There is nothing in our St. John to distinguish him from his predecessors. He has yielded, indeed, to the taste of the times, in not putting up the sign of the golden ball; he has hoisted no spirally painted pole over his door; we doubt even if he so much as powders the collar of his coat. But then there is the contour of the man continually conversant with the grand and mysterious processes of nature; there is the appalling gloom of the brow, the searching electricity of the eye, the rapidity and precision with which an estimate is formed of the mischievous force of the disease with which the doctor has to contend. He will find out a fever as quickly as a Bow-street officer used to detect a thief; he knows the haunts of every distemper in the body, he pursues them from thorax to abdomen, and can as easily gripe them in the auger-hole of a lacteal, as he can in the high road of the large intestines. It is not always that a cure-monger aspires to the credit of an author. There are precedents, however, of book-making amongst the order. Salmon, of whom we have already spoken, made the press groan with his unceasing labours. These invaluable tomes he dedicated to kings and queens, and others of his royal cotemporaries. St.


2 B

John, in imitation of so great an example, puts forth his modest volume also, but is contented with the humbler patronage of a baronet, to whom he inscribes it. In the contents of this curious piece of literature we shall be able to trace numerous points of identity between St. John and the chief quacks who went before him. The most striking deserves to be first attended to.

• The object of this work is to lay before the Public the successful results of my researches on some of the more important diseases of the human frame, particularly in the cure of consumption and mania, and prevention of the fatal consequences of small-pox, measles, and hoopingcough, or other analogous inflammable disorders, to which I shall subjoin my reasons for departing from the established rules of medical practice.

* To point out a new and heretofore unassigned origin for various deviations from the standard of health, whether hereditary or contracted, and to show that these depend on a certain acrid matter or fluid pervading the system while in a state of disease.'—p. 1.

The theory is still further explained in the following passage, with which the author commences what he calls his . Observations on the Origin of Consumption, and other Diseases :'

If by removing the acrid matter and inflamed qualities of the body, so that when the case is far advanced a substance or liquid so withdrawn be visible, and that, by such means, the patient be freed from every symptom of disease, it must follow, that cure can be best performed by the removal of such acrimonious matter; and as I find every class of disease yielding to this mode of treatment, I cannot but esteem it as superior to all others.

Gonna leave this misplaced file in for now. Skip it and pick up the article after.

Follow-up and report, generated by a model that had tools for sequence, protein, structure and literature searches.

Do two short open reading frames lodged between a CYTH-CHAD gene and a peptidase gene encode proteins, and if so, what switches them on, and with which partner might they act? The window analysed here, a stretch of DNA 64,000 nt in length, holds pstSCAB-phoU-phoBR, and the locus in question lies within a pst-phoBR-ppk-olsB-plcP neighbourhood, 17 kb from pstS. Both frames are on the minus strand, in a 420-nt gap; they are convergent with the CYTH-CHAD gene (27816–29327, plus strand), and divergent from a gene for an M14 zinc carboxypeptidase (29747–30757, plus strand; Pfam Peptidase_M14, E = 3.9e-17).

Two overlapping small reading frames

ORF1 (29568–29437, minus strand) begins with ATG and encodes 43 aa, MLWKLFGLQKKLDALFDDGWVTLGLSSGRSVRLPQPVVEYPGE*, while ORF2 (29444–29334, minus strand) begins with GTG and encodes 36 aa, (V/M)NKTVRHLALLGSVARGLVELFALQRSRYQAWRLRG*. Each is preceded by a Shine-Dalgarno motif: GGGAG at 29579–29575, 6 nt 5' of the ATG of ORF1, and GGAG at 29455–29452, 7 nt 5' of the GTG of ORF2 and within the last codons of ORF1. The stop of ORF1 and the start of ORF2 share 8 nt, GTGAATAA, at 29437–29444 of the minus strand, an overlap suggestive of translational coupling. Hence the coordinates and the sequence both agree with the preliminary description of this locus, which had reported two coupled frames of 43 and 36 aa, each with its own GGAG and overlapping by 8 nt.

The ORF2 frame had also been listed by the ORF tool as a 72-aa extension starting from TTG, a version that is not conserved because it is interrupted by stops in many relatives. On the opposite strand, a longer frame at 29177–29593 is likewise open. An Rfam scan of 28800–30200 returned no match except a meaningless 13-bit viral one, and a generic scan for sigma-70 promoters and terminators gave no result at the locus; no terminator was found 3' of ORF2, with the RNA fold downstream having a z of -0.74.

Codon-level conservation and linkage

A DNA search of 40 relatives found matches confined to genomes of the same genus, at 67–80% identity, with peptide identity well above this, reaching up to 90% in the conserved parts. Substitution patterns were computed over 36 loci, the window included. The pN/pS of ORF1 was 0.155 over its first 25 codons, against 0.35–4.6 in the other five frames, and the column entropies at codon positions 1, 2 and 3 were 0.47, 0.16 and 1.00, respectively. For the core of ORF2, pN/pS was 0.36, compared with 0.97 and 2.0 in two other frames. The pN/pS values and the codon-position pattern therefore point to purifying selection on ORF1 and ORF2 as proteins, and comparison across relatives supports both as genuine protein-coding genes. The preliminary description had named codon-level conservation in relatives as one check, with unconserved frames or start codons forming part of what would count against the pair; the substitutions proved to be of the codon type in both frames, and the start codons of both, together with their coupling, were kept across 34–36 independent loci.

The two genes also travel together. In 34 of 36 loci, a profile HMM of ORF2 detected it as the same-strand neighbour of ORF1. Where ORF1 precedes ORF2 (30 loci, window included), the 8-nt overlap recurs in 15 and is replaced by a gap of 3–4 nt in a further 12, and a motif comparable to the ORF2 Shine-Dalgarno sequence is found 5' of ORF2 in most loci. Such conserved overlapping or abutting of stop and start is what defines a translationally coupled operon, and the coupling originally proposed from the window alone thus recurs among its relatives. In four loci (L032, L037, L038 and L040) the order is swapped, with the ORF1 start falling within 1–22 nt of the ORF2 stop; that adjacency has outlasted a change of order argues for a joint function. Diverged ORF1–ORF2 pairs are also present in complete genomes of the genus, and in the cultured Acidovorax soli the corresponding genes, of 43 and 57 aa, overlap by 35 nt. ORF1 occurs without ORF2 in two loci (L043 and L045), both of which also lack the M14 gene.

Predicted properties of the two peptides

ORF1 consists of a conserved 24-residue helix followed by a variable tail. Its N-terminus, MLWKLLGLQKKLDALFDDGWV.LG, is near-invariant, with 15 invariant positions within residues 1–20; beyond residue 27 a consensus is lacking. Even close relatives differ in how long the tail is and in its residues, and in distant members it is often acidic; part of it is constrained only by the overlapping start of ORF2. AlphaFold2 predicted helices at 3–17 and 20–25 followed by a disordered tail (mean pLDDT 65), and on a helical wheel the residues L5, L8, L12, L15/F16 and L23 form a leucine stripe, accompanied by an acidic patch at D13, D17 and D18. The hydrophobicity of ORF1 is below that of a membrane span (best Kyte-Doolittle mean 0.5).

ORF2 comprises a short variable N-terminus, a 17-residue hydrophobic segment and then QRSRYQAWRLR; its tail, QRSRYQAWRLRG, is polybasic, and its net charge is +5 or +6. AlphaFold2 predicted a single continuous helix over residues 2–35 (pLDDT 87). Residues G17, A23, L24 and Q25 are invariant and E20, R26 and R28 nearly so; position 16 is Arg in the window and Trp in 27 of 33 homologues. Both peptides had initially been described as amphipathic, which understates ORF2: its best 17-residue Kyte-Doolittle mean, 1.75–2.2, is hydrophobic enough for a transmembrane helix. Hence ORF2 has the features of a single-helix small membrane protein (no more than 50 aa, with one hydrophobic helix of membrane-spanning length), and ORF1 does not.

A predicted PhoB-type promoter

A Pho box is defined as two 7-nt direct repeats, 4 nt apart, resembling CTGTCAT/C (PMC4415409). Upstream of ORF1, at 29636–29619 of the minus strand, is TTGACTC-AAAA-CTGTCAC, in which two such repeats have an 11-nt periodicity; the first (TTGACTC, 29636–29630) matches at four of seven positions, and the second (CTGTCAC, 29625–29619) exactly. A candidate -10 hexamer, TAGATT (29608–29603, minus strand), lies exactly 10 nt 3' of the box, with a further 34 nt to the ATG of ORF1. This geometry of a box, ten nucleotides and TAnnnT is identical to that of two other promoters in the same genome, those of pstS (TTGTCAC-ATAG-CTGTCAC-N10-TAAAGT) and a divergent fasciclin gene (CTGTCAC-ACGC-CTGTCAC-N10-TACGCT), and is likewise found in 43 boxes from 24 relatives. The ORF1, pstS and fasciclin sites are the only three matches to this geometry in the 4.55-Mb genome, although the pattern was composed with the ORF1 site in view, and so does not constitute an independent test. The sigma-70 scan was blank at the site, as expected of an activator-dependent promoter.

• This acrid matter is inherent in the human frame, and is first apparent under the form of small-pox and measles, &c. The susceptibility of these diseases originates with man's existence, and according to circumstances is operated on, and brought into action at different ages. But although many persons may altogether escape exhibiting the usual external symptoms, yet the peccant substance is more or less in the system. In those cases, a portion of the acrid matter must have exuded from the system, still leaving a sufficient quantity to operate in future time, and under a new form. I have frequently taken acrid matter from the skin of patients, who complained of no disease of the lungs; and here I beg leave to differ from Dr. Jenner in his theory, namely, that it is good to counteract a disease by the inoculation of another less formidable ; for he literally multiplies ailments ; because the original acrid matter still exists, notwithstanding it does not make its appearance.

Now under these circumstances I contend, that the virulence of both these diseases remains in the system, and frequently terminates in consumption, scrofula, fever, &c.

In the earliest age I remove this acrid matter by the most gentle means; I THEREFORE PREVENT the occurrence of measles, small-pox, hooping-cough, consumption, and the more desperate descriptions of fever, and avoid leaving any mark upon the skin, for the acrid matter exudes from the body in the form of perspiration,'-pp. 12–14.

Here we see the great characteristic of the Quack most strikingly

developed; the miracle of his multitudinous cures being the work of one omnipotent remedy. Gout and consumption ; diarrhea and the mumps ; scrofula and the heart-ache, all retire at the bidding of the grand operator, when he commands the acrid humour to come forth. We have had the Balm of Gilead, the metallic tractors, the pleasing influence of animal magnetism, in turns, like thorough servants, performing the duties of a variety of functionaries at the same moment. This has been the case from time immemorial. The quacks have had but one idea each ; and one remedy per doctor, is as much as nature can, possibly, in her economy, permit. Baynard, whom we again quote with pleasure, tells us, that the empirics of his day, with their mono-remedy each man, reminded